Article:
Table of Contents
There are many types of OSPF LSAs.
There are many different types of LSAs that are exchanged between OSPF routers. The following are the types of OSPF LSAs that are relevant to IPv4 routing.
|LSA Type1||Router LSA|
|LSA Type2||Network LSA|
|LSA Type3||Network summary LSA|
|LSA Type4||ASBR summary LSA|
|LSA Type5||AS External LSA|
|LSA Type7||NSSA External LSA|
For each LSA, this section describes the router that generates it, the scope that is advertised, and the content that is included.
LSA Type1 Router LSA
LSA Type 1 Router LSA is the most basic LSA and is generated by all OSPF routers. The generated router LSAs are then flooded all within the area. The router LSA contains all the OSPF router link (OSPF enabled interface connections) information. The specifics of the link information include the type of link, cost, IP address, and router ID of the neighbor. However, what kind of information is included depends on the type of link. The figure below shows the information contained in a router LSA and how it is flooded.
LSA Type2 Network LSA
LSA Type 2 Network LSA is generated by the DR on each multi-access network. The DR is a router that represents a multi-access network. The network LSA shows the connection of an OSPF router on a multi-access network. Specifically, it contains the IP address of the DR, a list of routers connected to the multi-access network and the subnet mask of the multi-access network. network LSAs generated by the DR are flooded to all within the area.
LSA Type3 Network summary LSA
LSA Type 3 Network Summary LSA is the LSA that is generated when an OSPF network is divided into areas. The router that generates the network summary LSA is the ABR. The ABR advertises the network addresses of other areas that can be reached via the backbone area to the areas under its own control. At the same time, the ABR advertises the network address contained in the area under its own control to the backbone area.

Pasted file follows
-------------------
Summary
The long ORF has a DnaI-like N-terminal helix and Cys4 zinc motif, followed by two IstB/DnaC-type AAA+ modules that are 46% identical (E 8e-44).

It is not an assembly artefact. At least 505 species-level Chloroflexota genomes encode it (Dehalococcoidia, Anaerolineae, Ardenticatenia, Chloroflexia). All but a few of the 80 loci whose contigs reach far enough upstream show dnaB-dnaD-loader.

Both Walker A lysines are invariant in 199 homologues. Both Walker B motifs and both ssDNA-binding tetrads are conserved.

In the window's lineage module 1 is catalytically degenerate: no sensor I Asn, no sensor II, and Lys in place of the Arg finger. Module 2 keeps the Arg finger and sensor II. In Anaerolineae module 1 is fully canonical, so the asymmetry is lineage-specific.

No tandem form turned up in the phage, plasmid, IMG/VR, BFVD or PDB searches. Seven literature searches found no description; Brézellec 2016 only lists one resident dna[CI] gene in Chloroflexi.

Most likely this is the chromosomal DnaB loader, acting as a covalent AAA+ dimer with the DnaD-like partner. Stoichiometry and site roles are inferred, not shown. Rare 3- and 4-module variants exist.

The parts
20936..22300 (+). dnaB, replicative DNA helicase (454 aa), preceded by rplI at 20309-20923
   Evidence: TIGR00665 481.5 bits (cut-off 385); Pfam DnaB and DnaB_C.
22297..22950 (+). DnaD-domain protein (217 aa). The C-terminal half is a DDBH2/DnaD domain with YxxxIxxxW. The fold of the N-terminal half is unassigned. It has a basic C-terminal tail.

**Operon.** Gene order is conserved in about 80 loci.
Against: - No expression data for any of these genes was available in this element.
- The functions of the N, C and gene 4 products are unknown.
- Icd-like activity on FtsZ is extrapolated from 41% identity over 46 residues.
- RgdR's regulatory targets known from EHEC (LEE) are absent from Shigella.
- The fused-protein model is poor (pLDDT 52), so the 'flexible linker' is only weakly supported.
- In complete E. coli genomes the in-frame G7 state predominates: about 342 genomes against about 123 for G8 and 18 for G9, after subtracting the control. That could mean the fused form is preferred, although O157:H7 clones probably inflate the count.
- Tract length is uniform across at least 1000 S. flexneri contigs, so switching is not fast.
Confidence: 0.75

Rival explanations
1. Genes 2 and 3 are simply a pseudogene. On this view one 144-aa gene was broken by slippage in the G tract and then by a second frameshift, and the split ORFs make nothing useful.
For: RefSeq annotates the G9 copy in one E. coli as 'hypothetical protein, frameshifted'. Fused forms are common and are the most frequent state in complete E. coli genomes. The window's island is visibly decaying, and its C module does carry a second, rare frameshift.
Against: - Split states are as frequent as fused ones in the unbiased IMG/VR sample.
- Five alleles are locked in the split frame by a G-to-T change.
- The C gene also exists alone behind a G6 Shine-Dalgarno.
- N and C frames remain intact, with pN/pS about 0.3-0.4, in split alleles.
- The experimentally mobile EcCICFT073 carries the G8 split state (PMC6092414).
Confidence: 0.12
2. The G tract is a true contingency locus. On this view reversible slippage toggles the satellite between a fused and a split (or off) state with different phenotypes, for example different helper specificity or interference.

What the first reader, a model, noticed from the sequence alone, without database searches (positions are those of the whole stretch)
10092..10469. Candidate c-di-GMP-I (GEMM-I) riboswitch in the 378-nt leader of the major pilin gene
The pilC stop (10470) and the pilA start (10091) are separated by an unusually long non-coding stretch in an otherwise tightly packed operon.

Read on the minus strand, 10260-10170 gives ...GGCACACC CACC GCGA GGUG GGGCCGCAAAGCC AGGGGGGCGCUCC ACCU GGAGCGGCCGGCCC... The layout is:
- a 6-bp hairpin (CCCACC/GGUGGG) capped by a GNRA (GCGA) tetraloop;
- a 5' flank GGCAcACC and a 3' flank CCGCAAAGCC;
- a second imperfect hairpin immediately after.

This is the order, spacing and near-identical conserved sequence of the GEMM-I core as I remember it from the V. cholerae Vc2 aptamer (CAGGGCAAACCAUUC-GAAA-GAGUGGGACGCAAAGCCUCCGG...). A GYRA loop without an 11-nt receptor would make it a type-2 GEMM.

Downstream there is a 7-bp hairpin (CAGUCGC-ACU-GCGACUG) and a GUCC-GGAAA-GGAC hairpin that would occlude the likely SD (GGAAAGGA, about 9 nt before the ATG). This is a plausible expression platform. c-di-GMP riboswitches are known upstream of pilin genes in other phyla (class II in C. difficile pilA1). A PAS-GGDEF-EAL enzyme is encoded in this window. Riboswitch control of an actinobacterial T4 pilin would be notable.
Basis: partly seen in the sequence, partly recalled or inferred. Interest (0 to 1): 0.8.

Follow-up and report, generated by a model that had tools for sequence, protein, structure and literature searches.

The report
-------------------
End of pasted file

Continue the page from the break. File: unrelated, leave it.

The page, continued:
There is not much need to know the detailed network diagram of other areas, and the network summary LSA is an overview of network addresses. One network summary LSA is generated for each network address. As more networks are included in other areas, the number of network summary LSAs generated by the ABR will also increase. So, we will configure route summary: by performing route summary in ABR, we can reduce the number of network summary LSAs generated by ABR.
LSA Type4 ASBR summary LSA
LSA Type 4 ASBR summary LSA is the LSA that is generated when a non-OSPF domain is connected. An ASBR summary LSA is also LSA generated by the ABR; the information contained in the ASBR summary LSA is the router ID of the ASBR and the metric used to reach the ASBR. The format of the Network Summary LSA and the ASBR Summary LSA is identical. The difference is that the ASBR router ID is written instead of the network address, and the subnet mask is “0.0.0.0”.
LSA Type5 AS External LSA
LSA Type 5 AS external LSA ( or simply “external LSA”) is the LSA that is created when a non-OSPF domain is connected. The AS external LSA is generated by the ASBR. External LSA allows network addresses from non-OSPF domains to be advertised within the OSPF domain. The external LSA contains the network address of the non-OSPF domain, the subnet mask and the metric and forwarding address to reach that network. Metric is the seed metric given at redistribution in ASBR. Depending on the metric type, the metric can be fixed or increasing. For metric type E2 (default), the metric for AS external routes is constant, and for metric type E1, the metric increases.
Also, external LSAs are flooded throughout the OSPF domain, except in stub areas.
LSA Type7 NSSA External LSA